Fine pictures of oxen, horses, sheep, and other animals are placed before them. They do not turn out horses with mares to feed, but at the proper time they bring them together in an enclosure of the stables in their fields. And this is done when they observe that the constellation Archer is in favorable conjunction with Mars and Jupiter. For the oxen they observe the Bull, for the sheep the Ram, and so on in accordance with art. Under the Pleiades they keep a drove of hens and ducks and geese, which are driven out by the women to feed near the city. The women only do this when it is a pleasure to them. There are also places enclosed, where they make cheese, butter, and milk-food. They also keep capons, fruit, and other things, and for all these matters there is a book which they call the Bucolics. They have an abundance of all things, since everyone likes to be industrious, their labors being slight and profitable. They are docile, and that one among them who is head of the rest in duties of this kind they call king. For they say that this is the proper name of the leaders, and it does not belong to ignorant persons. It is wonderful to see how men and women march together collectively, and always in obedience to the voice of the king. Nor do they regard him with loathing as we do, for they know that although he is greater than themselves, he is for all that their father and brother. They keep groves and woods for wild animals, and they often hunt.

The science of navigation is considered very dignified by them, and they possess rafts and triremes, which go over the waters without rowers or the force of the wind, but by a marvellous contrivance. And other vessels they have which are moved by the winds. They have a correct knowledge of the stars, and of the ebb and flow of the tide. They navigate for the sake of becoming acquainted with nations and different countries and things. They injure nobody, and they do not put up with injury, and they never go to battle unless when provoked. They assert that the whole earth will in time come to live in accordance with their customs, and consequently they always find out whether there be a nation whose manner of living is better and more approved than the rest. They admire the Christian institutions and look for a realization of the apostolic life in vogue among themselves and in us. There are treaties between them and the Chinese and many other nations, both insular and continental, such as Siam and Calicut, which they are only just able to explore. Furthermore, they have artificial fires, battles on sea and land, and many strategic secrets. Therefore they are nearly always victorious.

G.M. Now it would be very pleasant to learn with what Foods and drinks they are nourished, and in what way and for how long they live.

Capt. Their food consists of flesh, butter, honey, cheese, garden herbs, and vegetables of various kinds. They were unwilling at first to slay animals, because it seemed cruel; but thinking afterward that is was also cruel to destroy herbs which have a share of sensitive feeling, they saw that they would perish from hunger unless they did an unjustifiable action for the sake of justifiable ones, and so now they all eat meat. Nevertheless, they do not kill willingly useful animals, such as oxen and horses. They observe the difference between useful and harmful foods, and for this they employ the science of medicine. They always change their food. First they eat flesh, then fish, then afterward they go back to flesh, and nature is never incommoded or weakened. The old people use the more digestible kind of food, and take three meals a day, eating only a little. But the general community eat twice, and the boys four times, that they may satisfy nature. The length of their lives is generally 100 years, but often they reach 200.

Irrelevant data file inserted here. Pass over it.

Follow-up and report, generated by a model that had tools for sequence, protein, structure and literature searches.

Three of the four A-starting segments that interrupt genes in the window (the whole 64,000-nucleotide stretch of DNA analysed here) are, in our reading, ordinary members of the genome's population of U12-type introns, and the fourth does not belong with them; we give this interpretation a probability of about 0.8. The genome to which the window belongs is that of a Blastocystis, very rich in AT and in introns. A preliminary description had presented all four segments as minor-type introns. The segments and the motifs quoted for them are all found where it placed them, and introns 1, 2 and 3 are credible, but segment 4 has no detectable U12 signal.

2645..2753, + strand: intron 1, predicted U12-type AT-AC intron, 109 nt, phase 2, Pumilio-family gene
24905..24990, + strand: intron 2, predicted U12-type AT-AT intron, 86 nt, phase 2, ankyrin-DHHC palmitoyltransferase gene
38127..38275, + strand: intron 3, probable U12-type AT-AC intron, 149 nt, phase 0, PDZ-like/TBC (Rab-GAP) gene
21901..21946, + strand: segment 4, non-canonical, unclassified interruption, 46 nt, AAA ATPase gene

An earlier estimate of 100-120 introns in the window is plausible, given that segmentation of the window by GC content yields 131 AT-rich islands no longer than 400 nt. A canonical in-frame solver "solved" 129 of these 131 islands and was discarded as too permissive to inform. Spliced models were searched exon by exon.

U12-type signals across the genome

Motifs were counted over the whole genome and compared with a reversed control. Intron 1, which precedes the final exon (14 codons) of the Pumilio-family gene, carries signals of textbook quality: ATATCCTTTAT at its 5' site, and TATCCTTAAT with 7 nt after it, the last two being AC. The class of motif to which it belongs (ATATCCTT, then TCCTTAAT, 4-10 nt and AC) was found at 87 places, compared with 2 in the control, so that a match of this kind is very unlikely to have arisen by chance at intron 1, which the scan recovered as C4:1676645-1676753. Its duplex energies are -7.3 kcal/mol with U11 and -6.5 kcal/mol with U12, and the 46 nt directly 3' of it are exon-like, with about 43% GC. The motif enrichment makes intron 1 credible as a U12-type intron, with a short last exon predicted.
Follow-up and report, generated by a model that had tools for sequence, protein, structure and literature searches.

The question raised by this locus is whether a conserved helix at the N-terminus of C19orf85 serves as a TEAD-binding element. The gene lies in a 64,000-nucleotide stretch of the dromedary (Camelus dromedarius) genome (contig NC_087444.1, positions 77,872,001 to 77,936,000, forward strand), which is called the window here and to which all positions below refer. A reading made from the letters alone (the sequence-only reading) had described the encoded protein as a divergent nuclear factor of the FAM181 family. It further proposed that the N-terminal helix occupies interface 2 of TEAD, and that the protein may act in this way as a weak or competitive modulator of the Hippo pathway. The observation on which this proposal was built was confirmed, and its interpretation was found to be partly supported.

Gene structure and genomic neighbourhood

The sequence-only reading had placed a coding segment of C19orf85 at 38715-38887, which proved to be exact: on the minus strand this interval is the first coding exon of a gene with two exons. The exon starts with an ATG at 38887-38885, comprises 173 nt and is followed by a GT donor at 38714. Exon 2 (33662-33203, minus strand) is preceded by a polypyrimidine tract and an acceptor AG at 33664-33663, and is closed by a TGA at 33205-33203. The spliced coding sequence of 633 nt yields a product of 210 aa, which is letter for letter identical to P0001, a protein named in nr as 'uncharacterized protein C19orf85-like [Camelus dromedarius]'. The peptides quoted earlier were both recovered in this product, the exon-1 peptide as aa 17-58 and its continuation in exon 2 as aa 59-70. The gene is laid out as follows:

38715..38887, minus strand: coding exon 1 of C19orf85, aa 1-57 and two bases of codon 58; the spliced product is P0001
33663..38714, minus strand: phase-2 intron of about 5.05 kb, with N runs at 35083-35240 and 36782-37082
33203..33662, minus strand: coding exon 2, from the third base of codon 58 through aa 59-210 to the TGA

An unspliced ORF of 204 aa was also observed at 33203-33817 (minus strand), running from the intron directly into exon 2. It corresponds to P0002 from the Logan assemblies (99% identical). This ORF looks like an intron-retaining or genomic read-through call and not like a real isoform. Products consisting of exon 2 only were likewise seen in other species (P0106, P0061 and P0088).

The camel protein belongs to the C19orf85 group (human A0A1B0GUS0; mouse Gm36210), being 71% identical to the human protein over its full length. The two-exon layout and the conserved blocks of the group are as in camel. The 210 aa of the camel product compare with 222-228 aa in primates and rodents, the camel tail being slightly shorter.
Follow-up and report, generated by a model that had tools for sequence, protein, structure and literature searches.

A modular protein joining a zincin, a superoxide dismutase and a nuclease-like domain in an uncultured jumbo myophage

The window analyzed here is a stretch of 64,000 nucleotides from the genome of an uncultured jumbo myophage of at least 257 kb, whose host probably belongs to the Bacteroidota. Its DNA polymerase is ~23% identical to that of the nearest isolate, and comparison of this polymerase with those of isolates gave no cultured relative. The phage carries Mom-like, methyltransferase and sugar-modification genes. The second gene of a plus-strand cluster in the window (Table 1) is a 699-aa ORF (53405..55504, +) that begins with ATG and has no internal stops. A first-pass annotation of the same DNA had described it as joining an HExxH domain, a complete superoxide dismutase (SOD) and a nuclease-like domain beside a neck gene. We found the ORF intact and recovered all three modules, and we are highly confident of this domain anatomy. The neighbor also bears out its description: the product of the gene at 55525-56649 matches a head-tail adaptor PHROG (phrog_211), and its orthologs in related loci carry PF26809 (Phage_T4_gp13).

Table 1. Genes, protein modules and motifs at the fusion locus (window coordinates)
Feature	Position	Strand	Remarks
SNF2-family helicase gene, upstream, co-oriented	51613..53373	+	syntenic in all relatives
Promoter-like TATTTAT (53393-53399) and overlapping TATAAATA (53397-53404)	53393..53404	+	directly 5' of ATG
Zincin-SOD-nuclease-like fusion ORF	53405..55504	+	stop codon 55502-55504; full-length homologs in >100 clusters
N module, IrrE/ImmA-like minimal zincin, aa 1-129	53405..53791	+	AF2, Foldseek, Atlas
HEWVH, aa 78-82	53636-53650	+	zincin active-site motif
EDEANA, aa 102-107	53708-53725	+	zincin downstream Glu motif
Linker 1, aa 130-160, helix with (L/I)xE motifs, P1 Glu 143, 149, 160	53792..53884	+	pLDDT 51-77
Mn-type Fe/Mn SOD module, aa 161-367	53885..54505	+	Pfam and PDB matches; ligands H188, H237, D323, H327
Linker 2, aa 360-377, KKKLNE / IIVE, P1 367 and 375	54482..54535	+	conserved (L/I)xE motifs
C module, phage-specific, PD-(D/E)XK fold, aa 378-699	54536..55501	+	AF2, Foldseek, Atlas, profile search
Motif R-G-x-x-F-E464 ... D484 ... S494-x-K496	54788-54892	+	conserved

As regards drinking, they are extremely moderate. Wine is never given to young people until they are ten years old, unless the state of their health demands it. After their tenth year they take it diluted with water, and so do the women, but the old men of fifty and upward use little or no water. They eat the most healthy things, according to the time of the year.

They think nothing harmful which is brought forth by God, except when there has been abuse by taking too much. And therefore in the summer they feed on fruits, because they are moist and juicy and cool, and counteract the heat and dryness. In the winter they feed on dry articles, and in the autumn they eat grapes, since they are given by God to remove melancholy and sadness; and they also make use of scents to a great degree. In the morning, when they have all risen they comb their hair and wash their faces and hands with cold water. Then they chew thyme or rock-parsley or fennel, or rub their hands with these plants. The old men make incense, and with their faces to the east repeat the short prayer which Jesus Christ taught us. After this they go to wait upon the old men, some go to the dance, and others to the duties of the State. Later on they meet at the early lectures, then in the temple, then for bodily exercise. Then for a little while they sit down to rest, and at length they go to dinner.